I decided to buy an ASUS ROG Strix X470-F Gaming AM4 AMD X470 SATA 6Gb/s USB 3.1 HDMI ATX AMD Motherboard because I did not want an X570 due to the extra electricity it uses and heat it generates even when you have no PCIe 4.0 devices. I do not currently see any significant advantage of PCIe 4.0 and did not want to have a proprietary active cooling fan on the motherboard to cool the X570 chip. Such fans can be noisy and a point of failure, and cannot be easily replaced with a standard fan if they should fail.

AMD says the new 3000 series processors should run without a performance penalty on pre-X570 motherboards (although no PCIe 4.0 of course). It's too bad Intel doesn't have backward motherboard compatibility like AMD does.

Also, my research indicates that this Asus X470-F board will even be able to handle the upcoming Ryzen 9 3950X 16-core processor, but 12 cores is enough for me (for now anyway).

Update 2019-08-28: After installing the 3900X, I think I'm going to have to ding this board a bit because it appears to be running my 3900X with too much voltage which is creating unnecessary heat and wasting power. Maybe a future BIOS update will improve this but in the meantime I have set a -.1V CPU voltage offset which helps (instead of using the "Auto" setting). So far the system has been stable with this change and is running cooler.

See also: AMD Ryzen 3900X & 3700X Tested on X470

Asus ROG Strix X470-F Gaming motherboard and AMD Ryzan 2600X CPU

RAM

For DDR4 RAM I'm planning to use the RAM in my previous machine: G.SKILL TridentZ Series 32GB (4 x 8GB) 288-Pin DDR4 SDRAM DDR4 3600 (PC4 28800) Intel X299 / Intel Z270 Platform Desktop Memory Model F4-3600C16Q-32GTZKK (purchased from Newegg). This is DDR4 3600 (PC4 28800) with timings of 16-16-16-36 @ 1.35V. The RAM passed hours of testing with memtest and has a lifetime warranty when I tested it with my previous build.

As luck would have it, the speed and timings of this RAM seem optimal for Ryzen 3000 series processors so I'm really hoping it will work with a 3900X. The RAM does not work at 3600MHz with my 2600X CPU but the Ryzen 3000 series CPUs are suppose to have a superior memory controller.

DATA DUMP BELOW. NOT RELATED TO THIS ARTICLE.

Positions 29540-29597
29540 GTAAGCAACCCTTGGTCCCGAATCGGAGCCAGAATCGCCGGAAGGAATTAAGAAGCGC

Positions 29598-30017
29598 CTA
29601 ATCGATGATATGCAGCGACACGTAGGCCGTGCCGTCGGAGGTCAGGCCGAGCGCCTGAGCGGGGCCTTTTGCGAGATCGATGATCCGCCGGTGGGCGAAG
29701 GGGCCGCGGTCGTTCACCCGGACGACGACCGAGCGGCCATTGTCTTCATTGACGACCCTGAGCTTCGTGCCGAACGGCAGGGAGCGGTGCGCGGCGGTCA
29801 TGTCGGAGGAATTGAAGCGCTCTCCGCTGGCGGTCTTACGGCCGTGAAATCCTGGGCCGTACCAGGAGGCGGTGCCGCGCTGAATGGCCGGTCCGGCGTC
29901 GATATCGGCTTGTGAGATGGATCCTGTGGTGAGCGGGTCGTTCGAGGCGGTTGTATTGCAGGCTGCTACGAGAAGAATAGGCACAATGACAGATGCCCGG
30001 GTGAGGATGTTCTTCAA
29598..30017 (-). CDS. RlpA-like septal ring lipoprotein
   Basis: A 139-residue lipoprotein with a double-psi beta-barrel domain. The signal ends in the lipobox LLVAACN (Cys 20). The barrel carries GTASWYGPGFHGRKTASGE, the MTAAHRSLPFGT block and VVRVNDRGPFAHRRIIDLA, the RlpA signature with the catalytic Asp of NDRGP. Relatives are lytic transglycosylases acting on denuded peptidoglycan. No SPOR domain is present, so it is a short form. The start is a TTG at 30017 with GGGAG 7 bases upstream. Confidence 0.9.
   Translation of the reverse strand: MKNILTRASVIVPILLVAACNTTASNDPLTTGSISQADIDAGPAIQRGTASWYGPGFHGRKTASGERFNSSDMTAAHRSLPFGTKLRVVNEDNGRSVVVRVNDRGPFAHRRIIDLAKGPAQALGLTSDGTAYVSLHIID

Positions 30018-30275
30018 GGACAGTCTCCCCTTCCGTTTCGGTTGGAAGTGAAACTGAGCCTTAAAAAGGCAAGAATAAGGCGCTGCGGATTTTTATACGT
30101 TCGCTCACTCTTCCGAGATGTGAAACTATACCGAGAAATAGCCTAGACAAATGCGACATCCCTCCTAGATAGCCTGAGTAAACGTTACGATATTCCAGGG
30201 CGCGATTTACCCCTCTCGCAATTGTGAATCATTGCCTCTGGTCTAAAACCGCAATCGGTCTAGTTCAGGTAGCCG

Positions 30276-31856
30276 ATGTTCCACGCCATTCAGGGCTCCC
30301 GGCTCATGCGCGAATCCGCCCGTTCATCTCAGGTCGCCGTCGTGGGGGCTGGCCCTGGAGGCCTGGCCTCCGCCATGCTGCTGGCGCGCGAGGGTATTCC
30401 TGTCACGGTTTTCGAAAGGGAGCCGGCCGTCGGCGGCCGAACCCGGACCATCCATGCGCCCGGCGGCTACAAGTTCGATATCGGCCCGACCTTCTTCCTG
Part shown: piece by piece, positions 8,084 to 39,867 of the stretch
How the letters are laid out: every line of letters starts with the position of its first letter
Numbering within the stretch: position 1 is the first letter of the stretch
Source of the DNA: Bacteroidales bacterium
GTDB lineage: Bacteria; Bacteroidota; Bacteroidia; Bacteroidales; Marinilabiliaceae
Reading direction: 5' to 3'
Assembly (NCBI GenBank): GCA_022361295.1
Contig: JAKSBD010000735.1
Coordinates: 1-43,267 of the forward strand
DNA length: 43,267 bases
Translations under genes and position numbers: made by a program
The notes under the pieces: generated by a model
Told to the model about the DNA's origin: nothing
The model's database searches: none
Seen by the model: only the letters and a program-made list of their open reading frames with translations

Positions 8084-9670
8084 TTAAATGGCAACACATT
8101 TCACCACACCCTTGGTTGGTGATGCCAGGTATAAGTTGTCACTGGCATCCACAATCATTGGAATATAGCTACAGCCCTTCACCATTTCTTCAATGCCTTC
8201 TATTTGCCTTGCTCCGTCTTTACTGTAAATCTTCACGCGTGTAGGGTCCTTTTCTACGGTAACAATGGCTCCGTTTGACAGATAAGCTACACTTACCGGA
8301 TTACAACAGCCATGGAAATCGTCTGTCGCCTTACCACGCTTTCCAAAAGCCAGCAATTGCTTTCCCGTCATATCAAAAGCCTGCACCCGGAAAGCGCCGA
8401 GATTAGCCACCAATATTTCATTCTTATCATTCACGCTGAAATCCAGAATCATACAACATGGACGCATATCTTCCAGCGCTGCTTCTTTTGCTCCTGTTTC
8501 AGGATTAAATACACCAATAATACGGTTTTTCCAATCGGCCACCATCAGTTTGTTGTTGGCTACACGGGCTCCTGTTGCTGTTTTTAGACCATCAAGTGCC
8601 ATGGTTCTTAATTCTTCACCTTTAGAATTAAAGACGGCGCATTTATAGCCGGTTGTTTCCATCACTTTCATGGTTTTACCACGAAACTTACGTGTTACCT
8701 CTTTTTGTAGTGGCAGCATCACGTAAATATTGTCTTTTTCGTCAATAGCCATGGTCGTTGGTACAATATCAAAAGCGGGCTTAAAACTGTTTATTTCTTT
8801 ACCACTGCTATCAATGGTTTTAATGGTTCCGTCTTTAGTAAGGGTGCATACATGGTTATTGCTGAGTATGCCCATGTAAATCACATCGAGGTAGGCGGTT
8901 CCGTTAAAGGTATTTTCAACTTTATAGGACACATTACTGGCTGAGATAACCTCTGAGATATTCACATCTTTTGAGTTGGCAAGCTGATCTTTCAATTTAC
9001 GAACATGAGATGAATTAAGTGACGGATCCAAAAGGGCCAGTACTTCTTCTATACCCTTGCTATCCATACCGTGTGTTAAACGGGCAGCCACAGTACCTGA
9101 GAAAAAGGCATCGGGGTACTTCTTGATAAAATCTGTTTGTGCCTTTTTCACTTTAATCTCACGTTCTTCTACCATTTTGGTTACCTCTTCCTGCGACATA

Update 2019-08-27: I am disappointed that I could not get the RAM to run at 3600 MHz after installing the 3900X. Maybe a future BIOS update will correct the issue. I may do some more research to see how much of a difference faster RAM will make and whether it might be worth trying to buy faster RAM that is suppose to work with the new 3000 series AMD chips. Asus does publish a PDF list of compatible RAM for the ROG Strix X470-F motherboard I am using and 3rd gen Ryzen processors. I may look into purchasing something on that list or I may try running the RAM I have now at slower speeds. Update: I installed the AMD chipset drivers from AMD's website (what exactly does that do?) and I'm running the RAM at 3600 MHz timings but have slowed it down to 3400 MHz. It seems to be working so far. UPDATE: 3400 MHz failed during a Prime95 test.

Update 2019-08-28: After trying and testing various speeds with Prime95 (Prime95 would run for awhile and then the system would suddenly reboot) I was about to buy 32GB worth of G.SKILL Flare X Series DDR4 3200 F4-3200C14D-16GFX because of its AMD compatibility, well-regarded Samsung B-Die chips, and good timings. However, thinking that the RAM I have now uses the same Samsung B-Die chips, I decided to first try the G.SKILL TridentZ that I have already with the same speed and timings that I was about to buy (14-14-14-34 at 3200 MHz at 1.35V; see photo below of the timing settings I made in the BIOS). It works! So far so good. Prime95 ran over 4 hours before I stopped it. I am going to stick with this and see if the system is now as stable as it was with the 2600X. Hopefully I will now be able to stop messing around and to get back to getting some real work done with the new CPU.